Pitcher who took $7 million for nothing decries “welfare leeches”

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UPDATE: Braden has contacted me on Twitter, taking issue. He says that he does not believe all welfare recipients are “leeches.” Rather, only those who use drugs and receive public assistance are “leeches.”  He has not explained to me how that squares with his desire to “test the welfare leeches” for drugs. Because, if they’re only leeches once they use, why are we testing them? We already know they use!

Braden is a pitcher, not a writer, so it’s possible that he merely mistyped and demanded that something else be done with “leeches” besides testing them. And that the testing not be for “leeches” but for the good people who have fallen on hard time. So that we can determine if, in fact, they are leeches.

9:14 AM: One can believe that the welfare state as currently constructed is not the best way to help those in need and/or is not the best use of resources. That’s just a matter of philosophy and politics and values and stuff and reasonable people can disagree without being rude and insensitive.

Unemployed pitcher Dallas Braden, however, is not interested in philosophical debates:

Pretty big talk for a guy who took nearly $7 million from the Athletics for a grand total of three starts between 2011 and 2012.

Oh, wait: you mean there were extenuating circumstances there? His inability to pitch those years was because of injury and not because he was some lazy leech sucking off the teet of some rich benefactor without doing anything in return? That he actually would have preferred to work for his money but simply was unable to due to the hand he was dealt? But that’s impossible! I am told by people like Braden himself that everyone who is paid without having to work is an awful bum.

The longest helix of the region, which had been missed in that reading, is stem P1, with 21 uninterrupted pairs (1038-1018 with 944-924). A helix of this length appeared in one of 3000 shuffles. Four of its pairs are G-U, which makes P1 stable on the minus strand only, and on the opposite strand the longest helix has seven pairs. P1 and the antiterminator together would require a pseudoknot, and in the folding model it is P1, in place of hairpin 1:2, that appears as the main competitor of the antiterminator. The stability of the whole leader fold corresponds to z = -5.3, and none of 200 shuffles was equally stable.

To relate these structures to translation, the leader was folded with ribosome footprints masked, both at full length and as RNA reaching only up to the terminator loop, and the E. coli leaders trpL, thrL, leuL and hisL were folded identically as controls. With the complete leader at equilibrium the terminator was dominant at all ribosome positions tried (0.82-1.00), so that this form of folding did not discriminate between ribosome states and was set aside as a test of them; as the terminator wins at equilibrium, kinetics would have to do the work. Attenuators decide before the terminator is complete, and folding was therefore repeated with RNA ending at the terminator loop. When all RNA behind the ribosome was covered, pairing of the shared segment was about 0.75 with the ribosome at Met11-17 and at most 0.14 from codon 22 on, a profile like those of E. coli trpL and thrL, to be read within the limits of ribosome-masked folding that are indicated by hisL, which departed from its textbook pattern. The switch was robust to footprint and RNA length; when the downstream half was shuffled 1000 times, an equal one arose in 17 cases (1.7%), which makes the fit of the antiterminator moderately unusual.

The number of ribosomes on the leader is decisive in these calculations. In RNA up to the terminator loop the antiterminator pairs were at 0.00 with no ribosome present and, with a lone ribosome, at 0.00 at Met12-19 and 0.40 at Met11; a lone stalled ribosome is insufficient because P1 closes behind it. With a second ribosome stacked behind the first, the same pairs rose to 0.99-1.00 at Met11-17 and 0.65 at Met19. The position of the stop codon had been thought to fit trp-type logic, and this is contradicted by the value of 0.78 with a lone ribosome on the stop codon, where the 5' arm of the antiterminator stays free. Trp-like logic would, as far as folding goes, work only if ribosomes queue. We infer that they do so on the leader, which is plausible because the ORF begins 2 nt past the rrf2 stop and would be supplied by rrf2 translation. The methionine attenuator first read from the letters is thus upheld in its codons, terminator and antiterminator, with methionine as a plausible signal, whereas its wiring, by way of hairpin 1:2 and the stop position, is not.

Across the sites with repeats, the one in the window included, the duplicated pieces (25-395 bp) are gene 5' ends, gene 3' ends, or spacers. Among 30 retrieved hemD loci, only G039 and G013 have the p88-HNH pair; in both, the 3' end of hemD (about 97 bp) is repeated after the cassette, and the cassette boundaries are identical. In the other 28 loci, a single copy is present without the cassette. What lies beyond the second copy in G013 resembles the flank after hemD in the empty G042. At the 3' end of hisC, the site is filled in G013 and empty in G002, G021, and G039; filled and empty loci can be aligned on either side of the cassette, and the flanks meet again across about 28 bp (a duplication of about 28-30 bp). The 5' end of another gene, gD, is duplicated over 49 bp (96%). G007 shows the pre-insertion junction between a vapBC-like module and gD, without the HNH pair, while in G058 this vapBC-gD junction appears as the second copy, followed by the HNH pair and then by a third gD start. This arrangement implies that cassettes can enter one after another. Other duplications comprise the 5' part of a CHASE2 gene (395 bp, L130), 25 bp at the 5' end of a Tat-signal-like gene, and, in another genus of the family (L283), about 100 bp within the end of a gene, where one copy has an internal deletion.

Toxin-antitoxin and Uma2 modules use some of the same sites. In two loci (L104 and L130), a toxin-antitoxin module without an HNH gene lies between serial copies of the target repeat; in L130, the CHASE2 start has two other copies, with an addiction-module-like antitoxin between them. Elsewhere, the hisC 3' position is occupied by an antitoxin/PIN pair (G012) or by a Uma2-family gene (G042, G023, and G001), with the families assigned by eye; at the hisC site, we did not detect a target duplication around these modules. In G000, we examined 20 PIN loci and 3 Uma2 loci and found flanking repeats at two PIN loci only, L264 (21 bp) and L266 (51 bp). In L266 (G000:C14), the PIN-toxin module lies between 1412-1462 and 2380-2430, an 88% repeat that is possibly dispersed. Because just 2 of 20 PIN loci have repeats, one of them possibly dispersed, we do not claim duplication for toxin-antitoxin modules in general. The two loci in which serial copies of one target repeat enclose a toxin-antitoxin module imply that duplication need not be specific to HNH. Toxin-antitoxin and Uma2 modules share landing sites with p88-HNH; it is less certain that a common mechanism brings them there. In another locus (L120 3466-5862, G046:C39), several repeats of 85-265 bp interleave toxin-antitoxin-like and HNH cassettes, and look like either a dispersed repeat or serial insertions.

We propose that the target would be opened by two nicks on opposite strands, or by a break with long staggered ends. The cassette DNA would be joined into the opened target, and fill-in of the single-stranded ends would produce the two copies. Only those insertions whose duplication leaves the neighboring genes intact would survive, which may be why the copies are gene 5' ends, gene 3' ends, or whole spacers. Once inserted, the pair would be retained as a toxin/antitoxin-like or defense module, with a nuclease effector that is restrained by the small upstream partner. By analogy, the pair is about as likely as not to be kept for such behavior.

In other news: there are some people from the 209 who live on government assistance. I wonder what they think of their crusading superhero and lord protector.

Orioles sign Alcides Escobar

Alcides Escobar
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The Orioles have inked shortstop Alcides Escobar to a minor league contract, MLB.com’s Joe Trezza reported Saturday. The deal comes with an invitation to spring training and will allow Escobar to earn $700,000 in the majors if he breaks camp with the team (via Jon Heyman of MLB Network). The team has yet to formally announce the agreement.

Escobar, 32, completed an eight-year run with the Royals in 2018. No longer the .280-average, 3.0-fWAR player of seasons past, he hit several career lows after batting .231/.279/.313 with four home runs, eight stolen bases (in 10 chances), and a .593 OPS through 531 plate appearances last year. His defensive ratings also took a hit, and FanGraphs pegged him as the fourth-worst shortstop in the majors after he accumulated -12 DRS over the course of the season, only slightly higher than the Orioles/Dodgers’ Manny Machado, Mets’ Amed Rosario, and Red Sox’ Xander Bogaerts.

Still, Heyman holds that Escobar is being considered for the starting gig this spring and could yet prove an upgrade over top prospects and infield candidates Richie Martin and Drew Jackson. At the very least, the veteran shortstop figures to stabilize the position given Martin and Jackson’s relative inexperience, as both infielders played to varying results in Double-A Tulsa last year and have yet to break into the majors. Should either player earn consideration for the position in camp, however, Escobar might still work his way onto the Opening Day roster in a utility role as he saw some time at third base, second base, and center field in 2018.